This amplified voltage from plate 104p is coupled through capacitor 110 to grid 112g of the first half of another 12AX7 twin triode amplifier tube 112. Amplified voltage is produced on plate 112p and is coupled through capacitor 114 to each grid 116g, 116g, 118g, and 118g of two 12AU7 twin triode amplifier tubes 116 and 118. Capacitors 106, 110 and 114 are about 0.05 microfarad each.

Plates 116p and 118p are connected to one side and plates 116p and 118p are connected to the other side of a secondary winding 120 so that 60 cycle alternating cur-' rent is supplied to each set of plates. Amplified voltage is produced on plates 116p and 1118p only when positive polarity of the signal produced by synchronous converter 100 and appearing in amplified form on grids 116g, 116g, 118g and 118g coincides with positive polarity of the voltage on these plates. In the same manner, amplified voltage is produced on plates 116p and 118 only when positive polarity of the signal produced by converter 100 coincides with positive polarity of the voltage on these plates. Phasing of the signal produced by converter 100 depends on whether lead 71 is positive or negative compared to lead '70.

Amplified voltage appearing on either plates 116p and 118p or 116p and 118p passes through lead 122 to the directional drive windings 12 1 of a phase reversible servomotor. Armature 126 of this servomotor is connected to slidewire tap 59 so that tap 59 is moved to equalize the voltage at input leads 70 and 71. End stop 128 is provided to stop the servomotor at either end of slidewire resistor 58. The second half of tube 112 (cathode 1120, grid 112g and plate 112p) is used as a rectifier to produce DC plate voltage for tube 104 and the amplifying half of tube 112. If desired, amplifier output can be indicated on the dial of an ordinary voltmeter.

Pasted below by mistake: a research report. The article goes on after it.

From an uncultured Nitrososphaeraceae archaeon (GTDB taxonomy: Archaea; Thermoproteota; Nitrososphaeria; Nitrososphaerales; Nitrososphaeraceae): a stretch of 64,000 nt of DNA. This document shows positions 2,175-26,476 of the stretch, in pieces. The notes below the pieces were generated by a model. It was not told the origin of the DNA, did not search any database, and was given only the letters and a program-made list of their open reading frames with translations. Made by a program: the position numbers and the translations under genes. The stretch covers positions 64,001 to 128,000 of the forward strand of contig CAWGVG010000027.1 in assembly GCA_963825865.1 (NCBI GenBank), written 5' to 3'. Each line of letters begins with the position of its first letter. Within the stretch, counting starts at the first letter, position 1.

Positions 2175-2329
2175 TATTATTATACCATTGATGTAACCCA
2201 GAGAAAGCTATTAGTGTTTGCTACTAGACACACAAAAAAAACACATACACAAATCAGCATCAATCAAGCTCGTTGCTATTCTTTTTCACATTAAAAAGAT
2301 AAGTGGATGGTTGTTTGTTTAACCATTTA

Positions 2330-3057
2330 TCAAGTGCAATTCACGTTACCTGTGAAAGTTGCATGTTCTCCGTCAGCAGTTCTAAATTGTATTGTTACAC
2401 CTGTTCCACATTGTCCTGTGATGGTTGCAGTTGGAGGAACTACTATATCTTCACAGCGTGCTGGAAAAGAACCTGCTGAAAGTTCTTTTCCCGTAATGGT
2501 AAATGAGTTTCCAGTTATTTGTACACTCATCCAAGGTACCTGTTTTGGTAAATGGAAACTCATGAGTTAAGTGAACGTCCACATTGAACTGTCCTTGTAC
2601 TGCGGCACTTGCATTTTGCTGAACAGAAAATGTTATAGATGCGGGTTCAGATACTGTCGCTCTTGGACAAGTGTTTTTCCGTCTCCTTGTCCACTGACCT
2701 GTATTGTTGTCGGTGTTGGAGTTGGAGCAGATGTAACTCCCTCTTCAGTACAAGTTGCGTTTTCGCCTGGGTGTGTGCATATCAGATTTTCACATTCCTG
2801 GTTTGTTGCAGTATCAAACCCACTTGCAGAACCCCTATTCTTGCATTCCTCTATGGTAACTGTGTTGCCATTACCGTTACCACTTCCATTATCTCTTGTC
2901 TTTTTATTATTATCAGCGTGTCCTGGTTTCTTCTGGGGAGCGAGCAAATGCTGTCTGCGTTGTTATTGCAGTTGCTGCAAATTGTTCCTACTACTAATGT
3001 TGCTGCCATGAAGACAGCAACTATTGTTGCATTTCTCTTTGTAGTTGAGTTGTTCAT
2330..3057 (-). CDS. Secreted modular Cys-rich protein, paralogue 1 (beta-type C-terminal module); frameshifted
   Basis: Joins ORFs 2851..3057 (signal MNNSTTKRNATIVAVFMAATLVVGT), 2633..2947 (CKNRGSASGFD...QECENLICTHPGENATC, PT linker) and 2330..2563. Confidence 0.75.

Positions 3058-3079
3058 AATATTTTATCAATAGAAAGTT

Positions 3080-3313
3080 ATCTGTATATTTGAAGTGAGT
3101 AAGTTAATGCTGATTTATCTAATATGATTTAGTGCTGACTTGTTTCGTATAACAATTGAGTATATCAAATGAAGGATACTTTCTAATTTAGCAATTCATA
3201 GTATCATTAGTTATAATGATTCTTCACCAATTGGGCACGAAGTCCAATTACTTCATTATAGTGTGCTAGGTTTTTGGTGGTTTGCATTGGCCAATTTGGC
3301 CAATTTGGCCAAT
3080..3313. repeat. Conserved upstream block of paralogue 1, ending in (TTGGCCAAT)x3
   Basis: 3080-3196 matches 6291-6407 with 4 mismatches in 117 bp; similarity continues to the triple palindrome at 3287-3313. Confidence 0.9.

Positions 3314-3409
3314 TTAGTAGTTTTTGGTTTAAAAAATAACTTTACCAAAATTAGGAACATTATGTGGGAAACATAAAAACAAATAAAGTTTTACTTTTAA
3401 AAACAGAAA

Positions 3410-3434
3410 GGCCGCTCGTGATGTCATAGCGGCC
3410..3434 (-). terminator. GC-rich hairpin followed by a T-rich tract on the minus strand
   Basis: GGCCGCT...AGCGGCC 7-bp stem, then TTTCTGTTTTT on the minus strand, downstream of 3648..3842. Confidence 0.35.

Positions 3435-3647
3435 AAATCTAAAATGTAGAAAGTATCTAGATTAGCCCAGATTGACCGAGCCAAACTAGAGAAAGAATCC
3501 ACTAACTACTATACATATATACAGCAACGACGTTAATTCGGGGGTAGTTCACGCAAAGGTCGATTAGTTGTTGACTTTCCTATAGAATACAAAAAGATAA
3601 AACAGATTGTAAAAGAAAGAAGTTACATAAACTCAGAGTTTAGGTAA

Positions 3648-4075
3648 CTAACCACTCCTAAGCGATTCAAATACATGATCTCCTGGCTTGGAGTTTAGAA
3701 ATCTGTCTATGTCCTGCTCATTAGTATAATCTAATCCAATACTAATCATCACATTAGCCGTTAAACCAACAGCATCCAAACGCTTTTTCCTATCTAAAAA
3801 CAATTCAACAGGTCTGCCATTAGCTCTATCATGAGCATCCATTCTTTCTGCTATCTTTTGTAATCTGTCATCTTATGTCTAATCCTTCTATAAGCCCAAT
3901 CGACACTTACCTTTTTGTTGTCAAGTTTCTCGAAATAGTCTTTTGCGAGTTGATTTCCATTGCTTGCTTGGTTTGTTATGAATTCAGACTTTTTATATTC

In colorimeters of this invention having three detector photocells, a motor driven gang switch can be used to sequentially connect and disconnect each photocell with the amplifier input so the output of each photocell is sequentially recorded on chart by a single pen 74. In FIGURE 6 which shows a gang switch for use in a colorimcter having three detector photocells, synchronous motor drives shaft 87 and attached cams 81, 82 and 83 in the direction shown at a speed selected to provide a certain number of cycles per minute. The circumference of each cam contains a step 81s, 82s and 83s. Behind each step the radius of each cam increases to the maximum radius at points 81p, fiZp and 83p two-thirds of the distance along the circumference to the top of the step. Location of points 81p, 82p and 83p determines the dwell time of the switch actuated by each cam. Riding on the circumference of each cam 81, 82 and 83 are follower assemblies 84, and 86, respectively.

Electrical contacts 43, 46 and 49 are attached to followers 84, S5 and 86, respectively. Adjacent to contact as are contacts 42 and 44 disposed so that contact 4 3 is electrically connected to contact 42 while follower 84 is on the sector of increasing radius of cam 81 between step 813 and point 81p and is electrically connected to contact 44 when follower 84 is on the sector of constant radius of cam 81 between point 81p and step 81s. Contacts 45 and 47 are similarly located with respect to contact 46 and contacts 48 and 50 are similarly located with respect to contact 4a. Cams 81, 82 and 83 are fixedly mounted on motor shaft 37 so that the steps of the cams are equidistantly located around the shaft. Motor speeds of 5 rpm. produce a reading time of 4 seconds for each of three detector photocells. Stopping motor 80 at a point at which the cams hold one detector photocell in the amplifier circuit and shunts the other detector photocells allows a colorimeter containing this gang switch to read the output of one photocell continuously.